Fundamentals of quantum algorithms and their implementation

Fundamentals of quantum algorithms and their implementation

Project reference: 2212

Quantum computers are based on a completely different principle than classical computers. The aim of this project is to explain this difference. Thanks to this insight, potential students should then understand, for example, why quantum computers are able to solve the problem of exponential complexity in less than exponential time, what is the difference between quantum natural parallelism and parallel programming on HPC, or what the principle of quantum teleportation is based on.
As this field has been undergoing hectic progress in recent times, new research results are constantly being published. It is therefore not possible to cover all of these new developments in a few weeks of teaching, so this project will focus mainly on the theoretical foundations, mathematical description and practical testing of the resulting quantum circuits on real quantum computers and their simulators.

Project Mentor: Jiří Tomčala

Project Co-mentor: /

Site Co-ordinator: Karina Pešatová

Learning Outcomes:
Students should be introduced to a completely different principle of quantum computers and their programming. They should also be able to design basic quantum circuits.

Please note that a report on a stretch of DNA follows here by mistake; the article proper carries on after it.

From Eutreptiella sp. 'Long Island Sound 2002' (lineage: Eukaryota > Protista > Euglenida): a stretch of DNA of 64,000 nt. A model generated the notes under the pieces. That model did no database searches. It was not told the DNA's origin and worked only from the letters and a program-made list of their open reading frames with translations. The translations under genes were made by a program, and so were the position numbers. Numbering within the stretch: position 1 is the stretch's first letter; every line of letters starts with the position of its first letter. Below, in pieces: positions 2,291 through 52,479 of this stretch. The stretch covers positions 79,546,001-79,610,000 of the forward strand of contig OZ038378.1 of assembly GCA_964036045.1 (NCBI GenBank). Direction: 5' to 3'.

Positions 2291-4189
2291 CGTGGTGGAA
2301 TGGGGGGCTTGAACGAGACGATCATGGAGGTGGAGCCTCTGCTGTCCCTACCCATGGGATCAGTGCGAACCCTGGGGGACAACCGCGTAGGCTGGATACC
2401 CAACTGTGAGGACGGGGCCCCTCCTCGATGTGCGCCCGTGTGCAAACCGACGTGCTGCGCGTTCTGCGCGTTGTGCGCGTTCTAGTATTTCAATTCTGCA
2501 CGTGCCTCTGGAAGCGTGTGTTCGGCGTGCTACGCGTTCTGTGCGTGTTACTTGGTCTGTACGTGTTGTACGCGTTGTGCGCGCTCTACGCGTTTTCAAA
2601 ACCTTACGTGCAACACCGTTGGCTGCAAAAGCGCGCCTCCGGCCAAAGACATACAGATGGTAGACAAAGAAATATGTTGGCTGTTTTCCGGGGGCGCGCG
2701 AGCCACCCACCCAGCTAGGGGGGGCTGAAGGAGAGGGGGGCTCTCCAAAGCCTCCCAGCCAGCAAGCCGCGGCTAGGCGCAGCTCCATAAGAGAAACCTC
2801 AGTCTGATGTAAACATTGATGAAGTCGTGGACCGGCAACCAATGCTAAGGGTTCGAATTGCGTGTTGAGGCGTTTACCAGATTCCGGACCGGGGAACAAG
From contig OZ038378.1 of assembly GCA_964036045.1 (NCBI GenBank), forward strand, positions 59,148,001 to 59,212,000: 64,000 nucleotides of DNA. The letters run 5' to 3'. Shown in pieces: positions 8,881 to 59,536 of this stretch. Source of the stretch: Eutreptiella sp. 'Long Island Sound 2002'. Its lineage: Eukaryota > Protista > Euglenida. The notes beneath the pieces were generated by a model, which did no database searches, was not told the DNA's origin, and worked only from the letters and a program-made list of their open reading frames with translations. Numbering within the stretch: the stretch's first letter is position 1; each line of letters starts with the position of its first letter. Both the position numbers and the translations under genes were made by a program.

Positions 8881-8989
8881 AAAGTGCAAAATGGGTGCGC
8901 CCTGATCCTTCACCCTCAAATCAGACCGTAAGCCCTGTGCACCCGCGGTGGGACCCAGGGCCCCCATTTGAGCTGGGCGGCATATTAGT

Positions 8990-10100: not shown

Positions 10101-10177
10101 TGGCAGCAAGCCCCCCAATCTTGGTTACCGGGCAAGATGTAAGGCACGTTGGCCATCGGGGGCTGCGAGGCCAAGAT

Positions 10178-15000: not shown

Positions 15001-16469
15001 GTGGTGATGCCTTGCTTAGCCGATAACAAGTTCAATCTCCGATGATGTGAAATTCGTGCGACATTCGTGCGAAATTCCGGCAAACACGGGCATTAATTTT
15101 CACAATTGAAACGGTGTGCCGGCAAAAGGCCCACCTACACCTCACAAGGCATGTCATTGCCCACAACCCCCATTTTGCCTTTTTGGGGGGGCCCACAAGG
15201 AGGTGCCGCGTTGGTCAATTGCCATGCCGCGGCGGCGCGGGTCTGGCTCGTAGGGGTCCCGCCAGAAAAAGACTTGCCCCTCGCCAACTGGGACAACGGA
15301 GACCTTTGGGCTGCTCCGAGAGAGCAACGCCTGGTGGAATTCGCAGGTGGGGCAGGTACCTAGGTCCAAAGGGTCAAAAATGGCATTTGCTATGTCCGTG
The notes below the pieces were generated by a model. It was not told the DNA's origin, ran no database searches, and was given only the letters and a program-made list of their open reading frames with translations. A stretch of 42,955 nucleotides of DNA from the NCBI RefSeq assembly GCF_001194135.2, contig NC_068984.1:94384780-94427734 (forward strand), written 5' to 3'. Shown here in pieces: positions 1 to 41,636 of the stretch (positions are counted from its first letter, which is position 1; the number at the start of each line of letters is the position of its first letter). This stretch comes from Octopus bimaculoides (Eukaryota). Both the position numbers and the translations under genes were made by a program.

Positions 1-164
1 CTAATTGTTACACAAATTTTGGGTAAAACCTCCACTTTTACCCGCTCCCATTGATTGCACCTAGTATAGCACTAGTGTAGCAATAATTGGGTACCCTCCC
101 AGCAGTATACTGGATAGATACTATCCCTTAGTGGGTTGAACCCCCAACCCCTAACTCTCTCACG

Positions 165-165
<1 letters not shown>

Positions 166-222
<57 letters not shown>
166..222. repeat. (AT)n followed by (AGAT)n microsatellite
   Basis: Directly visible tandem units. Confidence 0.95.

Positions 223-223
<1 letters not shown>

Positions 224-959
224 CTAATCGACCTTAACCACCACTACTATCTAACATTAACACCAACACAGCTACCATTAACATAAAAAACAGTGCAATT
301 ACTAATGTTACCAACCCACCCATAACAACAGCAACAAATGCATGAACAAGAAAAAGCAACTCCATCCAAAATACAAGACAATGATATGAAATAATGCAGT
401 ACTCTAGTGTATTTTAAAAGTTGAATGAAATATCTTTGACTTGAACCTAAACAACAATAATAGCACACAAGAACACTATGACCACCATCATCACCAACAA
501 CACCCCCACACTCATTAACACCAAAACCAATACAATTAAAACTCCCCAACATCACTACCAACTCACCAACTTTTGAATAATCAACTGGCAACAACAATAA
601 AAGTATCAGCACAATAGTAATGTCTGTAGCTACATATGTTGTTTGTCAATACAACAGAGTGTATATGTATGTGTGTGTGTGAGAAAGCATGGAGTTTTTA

Student Prerequisites (compulsory):
Knowledge of basic linear algebra.

Student Prerequisites (desirable):
Imagination and experience with Python programming.

Training Materials:
“Quantum Computation and Quantum Information” by Isaac Chuang and Michael Nielsen.
“Quantum Algorithm Implementations for Beginners” by various authors, which can be downloaded from here:


1st week: Quantum bits
2nd week: Single qubit operations
3rd week: Quantum gates
4th week: Quantum teleportation
5th week: Deutsch–Jozsa algorithm
6th week: Grover’s algorithm
7th week: Quantum Fourier transform
8th week: Shor’s algorithm

Final Product Description:
Students test their own quantum circuits on a simulator and, if possible, on a real quantum computer. This includes the correct evaluation of their measured results.

Adapting the Project: Increasing the Difficulty:
Attempting to create interesting modifications of the discussed algorithms.

Adapting the Project: Decreasing the Difficulty:
Skipping overly complicated algorithms.


IT4Innovations National Supercomputing Center at VSB – Technical University of Ostrava

Tagged with: , ,

Leave a Reply

Your email address will not be published. Required fields are marked *


This site uses Akismet to reduce spam. Learn how your comment data is processed.